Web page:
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I've been fascinated by the discovery of the Indo-European origin of the mummies in the Tarim basin. This article says:

The new finds are also forcing a reexamination of old Chinese books that describe historical or legendary figures of great height, with deep-set blue or green eyes, long noses, full beards, and red or blond hair. Scholars have traditionally scoffed at these accounts, but it now seems that they may be accurate.

Which Chinese figures supposedly had these European features? In which works do they appear? For example, Cao Cao in The Romance of the Three Kingdoms wouldn't have these features because he was Han (if I understood correctly). But who did?

I'm rather curious... might even blog about this on my website...

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    Almost all of them that dealt with international relations... This wasn't exactly obscure. "Green Eyes" was a classical term for barbarians, for instance. What scholar would even "scoffed" at this anyway? I'm not sure this Mair person's words should be taken at face value. – Semaphore Jan 25 '15 at 19:12
  • @Semaphore --- I'm not sure what scholar would scoff at the Chinese literature, but I have met people who believe the world is only 6,000 years old, and when I mention literature from my country that describes events that happened 10,000 years ago, they scoff at that – Glowie Jan 25 '15 at 19:25
  • @Semaphore here is a link, ancient-origins.net/ancient-places-asia/… that explains most mainstream historians do not believe that Ancient Humans traveled a lot, hence how can Europeans travel to the Far East – Glowie Jan 25 '15 at 19:37
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    That link doesn't explain anything. It just made an assertion and left it unsubstantiated. – Semaphore Jan 25 '15 at 19:51
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    Three Kingdoms was an organizational era of ancient China. Romance of the Three Kingdoms is, AFAIK, a computer game. I played the heck out of it on my Amiga, back in the day. – T.E.D. Jan 27 '15 at 15:05
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First off, it really shouldn't shock anyone that some ancient mummies in the Tarim Basin show European-esque features. That is the far, far western extreme of what is now considered China. Until as late as the middle ages (6th-8th century AD) an Indo-European language was spoken there. It really shouldn't be surprising that an area whose culture left behind Indo-European writing and artifacts also left behind human remains that looked a bit like Europeans. So the reasonable assumption is that those mummies were Tocharians.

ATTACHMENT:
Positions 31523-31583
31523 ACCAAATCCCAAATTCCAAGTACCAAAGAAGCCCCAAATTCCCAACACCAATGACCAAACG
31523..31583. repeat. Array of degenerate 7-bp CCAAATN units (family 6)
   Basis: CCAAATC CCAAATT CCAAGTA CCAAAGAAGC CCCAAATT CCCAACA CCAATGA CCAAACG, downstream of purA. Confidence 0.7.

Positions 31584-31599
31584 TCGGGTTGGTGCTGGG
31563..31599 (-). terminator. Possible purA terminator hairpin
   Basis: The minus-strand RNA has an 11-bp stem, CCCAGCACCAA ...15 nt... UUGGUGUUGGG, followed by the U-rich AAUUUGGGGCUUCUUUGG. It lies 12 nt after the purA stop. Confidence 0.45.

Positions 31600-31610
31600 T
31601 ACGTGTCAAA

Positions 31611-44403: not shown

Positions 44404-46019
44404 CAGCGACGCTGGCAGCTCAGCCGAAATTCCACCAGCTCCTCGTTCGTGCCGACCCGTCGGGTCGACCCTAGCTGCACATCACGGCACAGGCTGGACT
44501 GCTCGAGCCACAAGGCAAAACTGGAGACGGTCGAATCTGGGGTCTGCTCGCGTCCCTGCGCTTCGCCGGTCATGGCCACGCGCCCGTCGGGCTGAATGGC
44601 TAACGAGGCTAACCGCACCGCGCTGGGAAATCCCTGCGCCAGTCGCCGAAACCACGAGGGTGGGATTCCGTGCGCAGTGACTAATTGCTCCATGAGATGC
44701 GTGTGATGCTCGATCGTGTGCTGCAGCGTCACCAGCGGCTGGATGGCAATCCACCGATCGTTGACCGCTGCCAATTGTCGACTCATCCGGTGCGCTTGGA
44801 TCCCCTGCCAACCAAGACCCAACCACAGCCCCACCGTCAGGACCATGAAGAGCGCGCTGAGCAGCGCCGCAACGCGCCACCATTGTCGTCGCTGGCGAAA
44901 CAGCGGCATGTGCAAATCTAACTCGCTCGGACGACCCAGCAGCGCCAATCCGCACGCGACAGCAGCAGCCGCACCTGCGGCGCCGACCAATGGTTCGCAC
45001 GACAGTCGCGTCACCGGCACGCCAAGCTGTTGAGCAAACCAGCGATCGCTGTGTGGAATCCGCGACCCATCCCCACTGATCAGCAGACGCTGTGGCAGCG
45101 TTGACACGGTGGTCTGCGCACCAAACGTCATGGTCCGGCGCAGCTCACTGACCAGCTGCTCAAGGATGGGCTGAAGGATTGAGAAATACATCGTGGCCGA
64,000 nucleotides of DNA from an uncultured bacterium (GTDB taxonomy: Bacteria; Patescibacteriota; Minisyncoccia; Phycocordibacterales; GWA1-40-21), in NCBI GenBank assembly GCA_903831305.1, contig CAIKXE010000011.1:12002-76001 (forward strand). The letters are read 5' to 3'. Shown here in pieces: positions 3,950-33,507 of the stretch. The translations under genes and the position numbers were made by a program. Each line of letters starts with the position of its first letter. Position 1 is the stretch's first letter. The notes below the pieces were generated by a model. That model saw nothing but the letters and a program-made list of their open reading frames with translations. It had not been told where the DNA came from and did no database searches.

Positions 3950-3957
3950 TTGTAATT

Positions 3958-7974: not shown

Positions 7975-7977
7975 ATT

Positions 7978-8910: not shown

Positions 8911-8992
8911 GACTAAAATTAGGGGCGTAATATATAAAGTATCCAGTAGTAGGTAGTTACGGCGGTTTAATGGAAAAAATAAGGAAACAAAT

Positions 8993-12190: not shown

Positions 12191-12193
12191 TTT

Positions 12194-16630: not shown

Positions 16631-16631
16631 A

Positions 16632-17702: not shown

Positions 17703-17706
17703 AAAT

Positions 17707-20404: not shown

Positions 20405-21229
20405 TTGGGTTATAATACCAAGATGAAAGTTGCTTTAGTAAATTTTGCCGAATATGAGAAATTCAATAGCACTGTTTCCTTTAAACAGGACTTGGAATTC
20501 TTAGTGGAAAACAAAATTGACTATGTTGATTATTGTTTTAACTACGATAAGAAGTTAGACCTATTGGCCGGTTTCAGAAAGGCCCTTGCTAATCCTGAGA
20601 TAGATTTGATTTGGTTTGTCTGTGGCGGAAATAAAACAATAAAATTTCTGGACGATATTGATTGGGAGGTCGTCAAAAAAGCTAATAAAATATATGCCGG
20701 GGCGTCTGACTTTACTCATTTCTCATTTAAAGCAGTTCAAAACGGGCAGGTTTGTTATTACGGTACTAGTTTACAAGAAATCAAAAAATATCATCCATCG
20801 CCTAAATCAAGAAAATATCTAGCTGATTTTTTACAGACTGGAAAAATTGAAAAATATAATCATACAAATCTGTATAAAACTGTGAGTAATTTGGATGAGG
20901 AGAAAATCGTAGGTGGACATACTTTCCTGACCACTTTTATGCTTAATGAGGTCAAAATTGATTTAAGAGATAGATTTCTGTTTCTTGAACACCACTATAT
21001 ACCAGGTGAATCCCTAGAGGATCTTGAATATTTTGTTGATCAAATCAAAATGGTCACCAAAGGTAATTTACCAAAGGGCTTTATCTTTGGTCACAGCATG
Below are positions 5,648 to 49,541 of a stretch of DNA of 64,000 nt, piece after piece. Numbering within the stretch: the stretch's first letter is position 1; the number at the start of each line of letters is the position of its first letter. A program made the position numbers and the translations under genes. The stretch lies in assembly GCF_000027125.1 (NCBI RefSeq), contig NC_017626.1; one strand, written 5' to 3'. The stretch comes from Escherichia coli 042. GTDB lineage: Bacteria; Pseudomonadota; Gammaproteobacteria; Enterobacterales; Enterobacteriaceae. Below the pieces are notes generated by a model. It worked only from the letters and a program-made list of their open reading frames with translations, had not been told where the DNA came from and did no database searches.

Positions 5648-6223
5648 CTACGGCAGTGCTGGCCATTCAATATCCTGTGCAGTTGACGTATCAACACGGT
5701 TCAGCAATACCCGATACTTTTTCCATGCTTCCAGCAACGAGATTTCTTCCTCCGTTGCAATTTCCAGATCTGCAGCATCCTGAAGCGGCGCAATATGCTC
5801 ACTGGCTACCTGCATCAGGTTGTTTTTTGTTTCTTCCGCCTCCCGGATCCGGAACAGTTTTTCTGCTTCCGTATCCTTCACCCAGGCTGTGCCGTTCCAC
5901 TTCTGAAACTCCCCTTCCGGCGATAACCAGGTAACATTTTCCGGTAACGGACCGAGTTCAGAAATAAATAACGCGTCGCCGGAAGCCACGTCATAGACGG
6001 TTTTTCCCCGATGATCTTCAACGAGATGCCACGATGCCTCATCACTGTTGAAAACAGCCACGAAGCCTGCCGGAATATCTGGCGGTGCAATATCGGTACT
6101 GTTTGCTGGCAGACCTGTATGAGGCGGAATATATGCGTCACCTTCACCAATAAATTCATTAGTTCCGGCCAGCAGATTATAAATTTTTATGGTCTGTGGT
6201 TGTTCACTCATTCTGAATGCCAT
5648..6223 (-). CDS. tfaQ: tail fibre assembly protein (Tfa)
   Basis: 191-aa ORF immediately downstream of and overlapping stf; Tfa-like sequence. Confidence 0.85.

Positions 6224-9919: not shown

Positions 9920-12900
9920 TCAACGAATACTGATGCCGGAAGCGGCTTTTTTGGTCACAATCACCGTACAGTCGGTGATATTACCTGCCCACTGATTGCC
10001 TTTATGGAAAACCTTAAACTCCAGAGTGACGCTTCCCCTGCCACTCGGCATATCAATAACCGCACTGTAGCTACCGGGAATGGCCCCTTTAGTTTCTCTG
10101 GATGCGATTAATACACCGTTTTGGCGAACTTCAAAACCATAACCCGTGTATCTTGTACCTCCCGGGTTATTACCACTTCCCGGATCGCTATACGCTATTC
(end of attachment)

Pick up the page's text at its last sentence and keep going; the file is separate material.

There are some other non Indo-European people in East (not Central) Asia with some seemingly "European" features, but by and large they are isolated groups who are not particularly historically important. Among the most intriguing (to me at least) are the Ainu, whose historical range is shown below. They have a lot of superficial resemblances to Europeans (although not in hair color), but are apparently not genetically related at all. Their language is an isolate.

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  • Since the question was mistakenly closed despite Glowie's cleanup, I can't post a separate answer. It's true there were local caucasians in Tarim from prehistory, but it'd be better if this lead answer also included mention of Alexander's Greeks in Bactria and their probable continuation as the Dayuan ('Great Ionians'?) defeated by the early Han dynasty. – lly Feb 29 at 5:02
  • There's also the issue that the question as edited is more about the appearance of such figures in Chinese histories and stories, so the lead answer should at least discuss them. Cao Cao is described as medium height and small-eyed, which should mean 'for a typical Han man of the 14th century', but I'm sure caucasian-like people appeared in some of the actual Zhou and Han histories and travelogues. – lly Feb 29 at 8:56
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I'm not clear what your question is exactly. I believe it's were some of the blue-eyed or pale characters in Chinese legend based real people of European origin.

Pale skin and blue eyes aren't exclusively European. Kafiristan is an example of somewhere which has blue-eyed people. While living in Kazakhstan I once met someone (an ethnic Kazakh, not a Russian) who had ginger hair.

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    I updated the original question – Glowie Jan 25 '15 at 19:40

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